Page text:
Further Prototypes…

To get a better understanding of the problem space we summarized all our knowledge in small handouts. Each focused on one problem.

By doing this further questions came up. We discovered these questions by building small prototypes. After building up several CEPs we tried to get a better understanding of the technologies itself by creating iterative CFPs for the areas of AR and RFID.




Warehouse overview …

Do we capture all departments within a warehouse? We need more information… 😉

Ok, lets visualize our progress to talk about the state.

What are they doing, how are they doing and where are the problems, and how could we improve the productivity?


CFP – Critical Functional Prototype

Critical Functional Prototype

The goal of prototyping in ME310a is to ‚answer questions‘ that will guide future design efforts.

Benchmarking and needfinding have given you a design knowledge foundation. Now it is time to try a design cycle that projects into the future of what could be. The challenging part is that you don’t yet know what to design or who the users are — it’s time to take an intelligent first guess.


Before you start planning and building, ask: „What is the question we’re trying to answer with this prototype?“ Write down the question and keep it handy so you don’t go off track. (Revise as needed.)

Critical Functional Prototype

This is all about discovering how to implement a critical product/service function that will be needed to deliver the experience. Some alumni feel that the Critical Function Prototype is the most memorable element of ME310 methodology.

The preparations for the CEP also apply here. But in comparison to the CEP, which is about establishing an experience, the focus here is to design and build a first prototype of a critical component that helps answer a non-obvious question. Create a physical thing or system that lets you explore some interesting part of the design space. Document it with the physical artifact (and potentially with CAD, drawings, code…).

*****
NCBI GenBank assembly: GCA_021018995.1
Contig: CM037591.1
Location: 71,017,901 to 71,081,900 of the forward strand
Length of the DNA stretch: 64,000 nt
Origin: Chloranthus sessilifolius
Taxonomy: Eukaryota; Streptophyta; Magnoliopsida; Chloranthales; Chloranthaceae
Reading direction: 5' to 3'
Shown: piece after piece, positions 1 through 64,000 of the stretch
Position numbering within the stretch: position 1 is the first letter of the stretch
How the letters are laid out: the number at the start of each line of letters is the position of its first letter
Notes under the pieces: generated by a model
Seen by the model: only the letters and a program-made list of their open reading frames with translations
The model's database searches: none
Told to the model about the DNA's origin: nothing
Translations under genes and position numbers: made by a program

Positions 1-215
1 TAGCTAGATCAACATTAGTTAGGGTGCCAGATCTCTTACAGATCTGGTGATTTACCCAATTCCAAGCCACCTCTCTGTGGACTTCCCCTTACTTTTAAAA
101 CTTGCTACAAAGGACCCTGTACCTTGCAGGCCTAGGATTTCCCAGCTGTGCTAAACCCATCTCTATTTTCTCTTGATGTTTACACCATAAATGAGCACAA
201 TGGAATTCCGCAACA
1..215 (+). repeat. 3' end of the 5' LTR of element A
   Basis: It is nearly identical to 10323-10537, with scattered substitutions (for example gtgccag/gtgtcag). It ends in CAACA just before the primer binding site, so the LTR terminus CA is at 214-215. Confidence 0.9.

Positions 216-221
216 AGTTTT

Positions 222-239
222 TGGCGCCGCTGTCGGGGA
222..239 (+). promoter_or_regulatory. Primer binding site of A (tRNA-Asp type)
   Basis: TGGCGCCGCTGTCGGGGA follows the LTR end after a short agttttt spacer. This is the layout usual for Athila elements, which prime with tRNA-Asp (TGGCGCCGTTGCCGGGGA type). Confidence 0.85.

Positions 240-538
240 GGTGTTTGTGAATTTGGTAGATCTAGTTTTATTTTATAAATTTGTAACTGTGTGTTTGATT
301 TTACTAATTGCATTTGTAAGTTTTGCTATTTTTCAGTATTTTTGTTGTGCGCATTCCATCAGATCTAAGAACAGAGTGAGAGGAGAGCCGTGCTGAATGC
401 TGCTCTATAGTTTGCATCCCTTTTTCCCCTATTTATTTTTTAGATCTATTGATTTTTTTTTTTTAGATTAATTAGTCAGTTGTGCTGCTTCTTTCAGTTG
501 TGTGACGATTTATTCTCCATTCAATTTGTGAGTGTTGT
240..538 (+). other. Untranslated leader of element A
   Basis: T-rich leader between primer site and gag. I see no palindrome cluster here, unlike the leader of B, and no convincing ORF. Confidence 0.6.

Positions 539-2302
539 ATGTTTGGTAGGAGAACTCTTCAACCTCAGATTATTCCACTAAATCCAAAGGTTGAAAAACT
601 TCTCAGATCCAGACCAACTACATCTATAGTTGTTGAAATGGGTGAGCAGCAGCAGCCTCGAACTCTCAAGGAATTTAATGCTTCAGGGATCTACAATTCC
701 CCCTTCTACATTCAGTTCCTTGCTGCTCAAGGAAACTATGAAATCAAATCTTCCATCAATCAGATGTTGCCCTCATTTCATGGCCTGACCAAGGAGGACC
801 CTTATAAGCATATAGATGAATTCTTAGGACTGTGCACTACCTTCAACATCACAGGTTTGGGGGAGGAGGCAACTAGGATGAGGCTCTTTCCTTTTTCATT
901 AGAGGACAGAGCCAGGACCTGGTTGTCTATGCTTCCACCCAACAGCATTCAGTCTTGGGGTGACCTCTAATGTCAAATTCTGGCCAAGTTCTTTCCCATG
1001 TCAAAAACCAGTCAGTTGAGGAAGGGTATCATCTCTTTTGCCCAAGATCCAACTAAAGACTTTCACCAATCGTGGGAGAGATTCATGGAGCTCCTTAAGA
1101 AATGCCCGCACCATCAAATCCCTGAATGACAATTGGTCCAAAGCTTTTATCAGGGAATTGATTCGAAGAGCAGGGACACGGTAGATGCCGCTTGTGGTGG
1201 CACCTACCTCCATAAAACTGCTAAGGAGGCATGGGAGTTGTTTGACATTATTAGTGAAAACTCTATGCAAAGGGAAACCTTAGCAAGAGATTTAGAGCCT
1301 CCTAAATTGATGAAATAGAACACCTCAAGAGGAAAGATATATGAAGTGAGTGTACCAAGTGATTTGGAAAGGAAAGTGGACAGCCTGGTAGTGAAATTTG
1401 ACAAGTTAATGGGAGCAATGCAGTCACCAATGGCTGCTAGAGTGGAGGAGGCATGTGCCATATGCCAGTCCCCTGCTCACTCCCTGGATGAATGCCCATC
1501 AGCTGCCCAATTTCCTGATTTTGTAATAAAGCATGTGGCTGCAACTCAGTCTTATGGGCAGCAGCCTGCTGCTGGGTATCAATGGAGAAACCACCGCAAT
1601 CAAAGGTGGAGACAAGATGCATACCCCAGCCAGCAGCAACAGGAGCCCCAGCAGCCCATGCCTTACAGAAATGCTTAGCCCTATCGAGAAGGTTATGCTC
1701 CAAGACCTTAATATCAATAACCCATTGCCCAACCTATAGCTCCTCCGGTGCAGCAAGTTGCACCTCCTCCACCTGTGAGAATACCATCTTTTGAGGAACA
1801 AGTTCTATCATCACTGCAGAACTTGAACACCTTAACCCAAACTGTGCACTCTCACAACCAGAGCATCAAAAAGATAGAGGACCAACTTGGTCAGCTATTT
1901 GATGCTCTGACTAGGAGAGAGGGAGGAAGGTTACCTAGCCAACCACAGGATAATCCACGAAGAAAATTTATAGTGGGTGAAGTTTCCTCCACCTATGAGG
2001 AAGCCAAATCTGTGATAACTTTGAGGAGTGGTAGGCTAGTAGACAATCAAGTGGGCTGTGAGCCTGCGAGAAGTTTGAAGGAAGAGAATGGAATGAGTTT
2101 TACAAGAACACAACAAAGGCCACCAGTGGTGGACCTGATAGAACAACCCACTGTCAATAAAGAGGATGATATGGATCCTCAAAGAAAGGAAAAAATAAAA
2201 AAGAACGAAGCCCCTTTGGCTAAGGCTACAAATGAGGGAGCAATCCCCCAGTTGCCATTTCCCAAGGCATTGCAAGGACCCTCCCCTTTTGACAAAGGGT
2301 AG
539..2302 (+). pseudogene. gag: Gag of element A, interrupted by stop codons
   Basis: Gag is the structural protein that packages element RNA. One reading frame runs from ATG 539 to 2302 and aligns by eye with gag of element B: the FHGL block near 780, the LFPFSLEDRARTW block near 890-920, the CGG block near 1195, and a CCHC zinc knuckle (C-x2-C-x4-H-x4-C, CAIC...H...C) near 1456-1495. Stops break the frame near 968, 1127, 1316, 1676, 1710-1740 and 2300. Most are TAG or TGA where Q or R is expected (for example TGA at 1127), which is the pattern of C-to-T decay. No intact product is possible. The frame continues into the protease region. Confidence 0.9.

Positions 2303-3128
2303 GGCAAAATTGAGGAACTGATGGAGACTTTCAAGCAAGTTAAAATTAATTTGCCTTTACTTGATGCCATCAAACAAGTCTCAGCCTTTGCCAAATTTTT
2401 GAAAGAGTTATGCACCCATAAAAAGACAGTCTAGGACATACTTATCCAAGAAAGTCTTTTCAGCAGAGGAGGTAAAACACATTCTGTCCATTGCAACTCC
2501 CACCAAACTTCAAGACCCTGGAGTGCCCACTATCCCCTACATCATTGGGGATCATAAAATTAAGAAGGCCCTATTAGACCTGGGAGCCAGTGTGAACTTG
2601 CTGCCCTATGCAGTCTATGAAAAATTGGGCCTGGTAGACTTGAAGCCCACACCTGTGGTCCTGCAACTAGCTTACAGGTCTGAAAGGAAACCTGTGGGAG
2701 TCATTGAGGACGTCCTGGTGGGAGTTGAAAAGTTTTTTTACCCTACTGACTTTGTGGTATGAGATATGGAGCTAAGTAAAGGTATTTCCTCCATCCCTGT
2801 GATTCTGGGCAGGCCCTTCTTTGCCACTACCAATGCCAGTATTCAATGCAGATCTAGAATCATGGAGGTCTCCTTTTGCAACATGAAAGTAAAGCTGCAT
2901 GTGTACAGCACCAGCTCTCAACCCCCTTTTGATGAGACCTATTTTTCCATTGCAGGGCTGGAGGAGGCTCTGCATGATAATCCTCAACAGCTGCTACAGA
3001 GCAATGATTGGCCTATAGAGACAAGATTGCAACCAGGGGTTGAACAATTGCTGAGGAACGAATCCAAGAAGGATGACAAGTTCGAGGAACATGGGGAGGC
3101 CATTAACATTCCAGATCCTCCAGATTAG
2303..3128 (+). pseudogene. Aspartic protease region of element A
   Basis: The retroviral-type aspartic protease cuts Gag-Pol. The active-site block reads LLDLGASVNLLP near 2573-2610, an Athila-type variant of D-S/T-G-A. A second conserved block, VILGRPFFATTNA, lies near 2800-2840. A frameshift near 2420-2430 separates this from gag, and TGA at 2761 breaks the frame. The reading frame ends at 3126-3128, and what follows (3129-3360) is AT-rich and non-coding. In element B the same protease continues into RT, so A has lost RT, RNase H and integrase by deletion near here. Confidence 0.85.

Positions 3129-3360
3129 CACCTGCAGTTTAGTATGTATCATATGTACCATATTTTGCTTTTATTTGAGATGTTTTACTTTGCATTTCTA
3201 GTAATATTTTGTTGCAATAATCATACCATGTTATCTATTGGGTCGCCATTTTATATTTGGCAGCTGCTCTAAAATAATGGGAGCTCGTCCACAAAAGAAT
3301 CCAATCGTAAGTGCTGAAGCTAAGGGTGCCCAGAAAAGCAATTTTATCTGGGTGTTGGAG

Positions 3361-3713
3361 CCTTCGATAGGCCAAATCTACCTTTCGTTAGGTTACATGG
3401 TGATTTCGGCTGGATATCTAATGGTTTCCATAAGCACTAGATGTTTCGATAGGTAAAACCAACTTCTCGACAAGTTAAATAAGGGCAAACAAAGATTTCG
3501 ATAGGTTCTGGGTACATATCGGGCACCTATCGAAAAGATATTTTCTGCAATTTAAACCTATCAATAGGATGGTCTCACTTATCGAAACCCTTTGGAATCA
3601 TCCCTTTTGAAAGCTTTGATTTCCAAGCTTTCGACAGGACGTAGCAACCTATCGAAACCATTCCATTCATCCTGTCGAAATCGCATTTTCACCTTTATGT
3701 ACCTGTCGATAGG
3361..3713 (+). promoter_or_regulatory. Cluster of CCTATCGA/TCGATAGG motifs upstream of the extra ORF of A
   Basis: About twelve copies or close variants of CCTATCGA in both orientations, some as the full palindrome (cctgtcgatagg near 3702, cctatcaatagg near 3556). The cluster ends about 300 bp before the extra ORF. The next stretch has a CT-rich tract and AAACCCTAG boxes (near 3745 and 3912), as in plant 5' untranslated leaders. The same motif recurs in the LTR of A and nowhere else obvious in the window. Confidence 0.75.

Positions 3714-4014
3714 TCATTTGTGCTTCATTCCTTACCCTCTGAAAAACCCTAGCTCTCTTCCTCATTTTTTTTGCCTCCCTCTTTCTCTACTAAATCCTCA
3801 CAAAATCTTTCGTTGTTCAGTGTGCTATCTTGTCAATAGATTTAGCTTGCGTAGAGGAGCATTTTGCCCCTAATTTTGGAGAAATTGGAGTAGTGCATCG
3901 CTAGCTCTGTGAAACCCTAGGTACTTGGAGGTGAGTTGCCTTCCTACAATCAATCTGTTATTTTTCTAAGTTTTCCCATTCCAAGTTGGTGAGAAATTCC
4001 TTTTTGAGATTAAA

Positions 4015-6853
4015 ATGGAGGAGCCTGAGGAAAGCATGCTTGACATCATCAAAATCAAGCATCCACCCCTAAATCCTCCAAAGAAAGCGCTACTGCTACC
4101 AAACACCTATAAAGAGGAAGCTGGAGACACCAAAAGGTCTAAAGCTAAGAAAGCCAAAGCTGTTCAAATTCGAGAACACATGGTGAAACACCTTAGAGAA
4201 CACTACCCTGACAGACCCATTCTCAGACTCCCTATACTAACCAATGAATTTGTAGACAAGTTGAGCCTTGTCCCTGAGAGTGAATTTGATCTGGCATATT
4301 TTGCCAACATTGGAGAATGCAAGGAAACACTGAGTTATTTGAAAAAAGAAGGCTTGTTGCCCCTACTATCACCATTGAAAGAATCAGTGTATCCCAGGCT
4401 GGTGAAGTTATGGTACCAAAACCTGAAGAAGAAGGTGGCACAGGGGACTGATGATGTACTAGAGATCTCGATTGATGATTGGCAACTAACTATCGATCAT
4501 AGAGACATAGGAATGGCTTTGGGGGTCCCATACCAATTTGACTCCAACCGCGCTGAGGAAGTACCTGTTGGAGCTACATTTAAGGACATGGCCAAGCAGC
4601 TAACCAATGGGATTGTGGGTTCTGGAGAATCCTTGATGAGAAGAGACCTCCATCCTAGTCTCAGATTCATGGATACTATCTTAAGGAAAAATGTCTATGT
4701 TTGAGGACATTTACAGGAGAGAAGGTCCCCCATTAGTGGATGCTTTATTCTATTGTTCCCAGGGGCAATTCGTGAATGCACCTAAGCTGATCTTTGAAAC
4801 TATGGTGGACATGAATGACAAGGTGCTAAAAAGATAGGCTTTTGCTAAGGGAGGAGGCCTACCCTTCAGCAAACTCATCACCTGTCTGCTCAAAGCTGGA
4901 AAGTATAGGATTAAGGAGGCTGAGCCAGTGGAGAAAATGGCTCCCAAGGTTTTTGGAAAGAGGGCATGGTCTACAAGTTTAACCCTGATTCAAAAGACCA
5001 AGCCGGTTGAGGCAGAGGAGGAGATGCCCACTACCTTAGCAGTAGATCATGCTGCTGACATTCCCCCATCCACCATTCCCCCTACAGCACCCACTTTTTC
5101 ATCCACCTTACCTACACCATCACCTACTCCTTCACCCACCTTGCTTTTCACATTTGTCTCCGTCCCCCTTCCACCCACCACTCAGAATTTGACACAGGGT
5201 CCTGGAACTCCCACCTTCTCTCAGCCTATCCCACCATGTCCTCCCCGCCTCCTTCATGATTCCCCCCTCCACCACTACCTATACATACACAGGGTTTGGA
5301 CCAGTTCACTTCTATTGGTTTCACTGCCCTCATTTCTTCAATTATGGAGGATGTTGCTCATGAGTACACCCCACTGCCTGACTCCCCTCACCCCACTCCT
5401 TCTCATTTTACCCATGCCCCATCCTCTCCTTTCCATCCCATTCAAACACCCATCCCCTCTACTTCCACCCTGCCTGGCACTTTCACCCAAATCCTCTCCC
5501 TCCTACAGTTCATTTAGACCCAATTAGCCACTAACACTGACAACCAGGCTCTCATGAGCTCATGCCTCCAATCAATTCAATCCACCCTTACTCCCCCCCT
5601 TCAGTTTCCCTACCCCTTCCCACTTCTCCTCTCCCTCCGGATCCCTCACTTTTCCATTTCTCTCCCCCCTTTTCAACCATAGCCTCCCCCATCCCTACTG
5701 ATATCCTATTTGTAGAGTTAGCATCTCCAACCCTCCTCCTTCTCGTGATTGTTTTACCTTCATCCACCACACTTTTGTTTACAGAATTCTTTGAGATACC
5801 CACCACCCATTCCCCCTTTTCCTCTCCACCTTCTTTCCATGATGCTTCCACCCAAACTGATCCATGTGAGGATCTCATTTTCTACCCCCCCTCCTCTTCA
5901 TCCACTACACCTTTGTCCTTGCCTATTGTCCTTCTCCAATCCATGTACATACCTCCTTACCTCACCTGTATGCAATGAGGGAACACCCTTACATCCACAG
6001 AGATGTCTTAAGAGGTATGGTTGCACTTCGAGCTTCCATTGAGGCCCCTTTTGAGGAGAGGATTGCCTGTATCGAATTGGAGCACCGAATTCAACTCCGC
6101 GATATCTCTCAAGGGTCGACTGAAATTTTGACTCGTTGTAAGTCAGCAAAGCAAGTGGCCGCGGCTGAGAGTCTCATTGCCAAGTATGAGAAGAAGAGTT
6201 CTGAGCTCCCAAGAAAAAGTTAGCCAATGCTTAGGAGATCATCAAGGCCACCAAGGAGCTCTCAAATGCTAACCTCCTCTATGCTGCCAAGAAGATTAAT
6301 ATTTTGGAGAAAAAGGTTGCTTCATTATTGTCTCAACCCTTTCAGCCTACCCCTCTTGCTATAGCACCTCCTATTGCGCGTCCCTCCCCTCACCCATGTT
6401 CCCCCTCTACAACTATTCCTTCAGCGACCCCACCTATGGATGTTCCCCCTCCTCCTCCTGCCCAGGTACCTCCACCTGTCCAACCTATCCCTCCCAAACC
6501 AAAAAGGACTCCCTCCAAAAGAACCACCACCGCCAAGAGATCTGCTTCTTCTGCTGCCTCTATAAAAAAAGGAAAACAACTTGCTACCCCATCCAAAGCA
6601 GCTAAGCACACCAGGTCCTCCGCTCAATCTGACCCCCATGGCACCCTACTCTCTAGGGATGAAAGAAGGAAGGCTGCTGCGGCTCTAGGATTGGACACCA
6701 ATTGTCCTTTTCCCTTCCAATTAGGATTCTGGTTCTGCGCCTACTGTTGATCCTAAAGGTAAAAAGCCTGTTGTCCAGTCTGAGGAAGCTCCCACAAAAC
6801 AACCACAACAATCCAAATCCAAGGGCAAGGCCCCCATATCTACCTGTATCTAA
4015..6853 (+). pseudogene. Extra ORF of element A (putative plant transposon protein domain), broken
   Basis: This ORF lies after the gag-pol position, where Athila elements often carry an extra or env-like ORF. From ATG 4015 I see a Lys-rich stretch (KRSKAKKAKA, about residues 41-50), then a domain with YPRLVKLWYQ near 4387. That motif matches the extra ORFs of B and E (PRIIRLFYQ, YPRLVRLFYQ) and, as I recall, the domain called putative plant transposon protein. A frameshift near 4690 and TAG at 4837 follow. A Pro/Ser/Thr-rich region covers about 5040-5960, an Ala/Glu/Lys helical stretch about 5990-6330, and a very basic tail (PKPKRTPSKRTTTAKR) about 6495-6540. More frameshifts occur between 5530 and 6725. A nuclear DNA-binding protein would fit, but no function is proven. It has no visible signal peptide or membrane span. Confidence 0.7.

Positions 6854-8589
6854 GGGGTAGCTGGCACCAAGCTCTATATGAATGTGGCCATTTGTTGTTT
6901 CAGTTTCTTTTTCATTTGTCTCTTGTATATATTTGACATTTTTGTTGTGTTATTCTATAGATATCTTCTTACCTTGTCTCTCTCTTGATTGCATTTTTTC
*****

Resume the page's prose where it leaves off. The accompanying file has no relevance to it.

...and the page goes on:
CFP implementation

  • Draw upon results of your Critical Experience Prototype, as well as previous needfinding and benchmarking.
  • Identify functional requirements that would be critical to the success of your chosen design direction.
  • Like the CEP, it is an experiment. In the ideal case, you can get some quantitative data.
  • It is not „smoke and mirrors;“ it is about real stuff doing its thing. It is to explain HOW, whereas the CEP is to explain WHY.
  • You have limited time, so the prototype can be simple – don’t make it more elaborate than necessary to answer your questions.

Source: Stanford wiki

Company visit @Bechtle


This week we visited Bechtle in Neckarsulm. Bechtle provides AR glasses for their workers and we were allowed to try them.


It was the first time our team used AR glasses and we gained a lot of new insights into working with AR glasses in a warehouse.

The visit was very informative, so thanks for this opportunity Bechtle!

CEP – Setup


Critical Experience Prototype – chosen Driving Question

How do people best receive instructions?

  • What is the best source for receiving instructions?
  • How does it feel to get commands from different sources?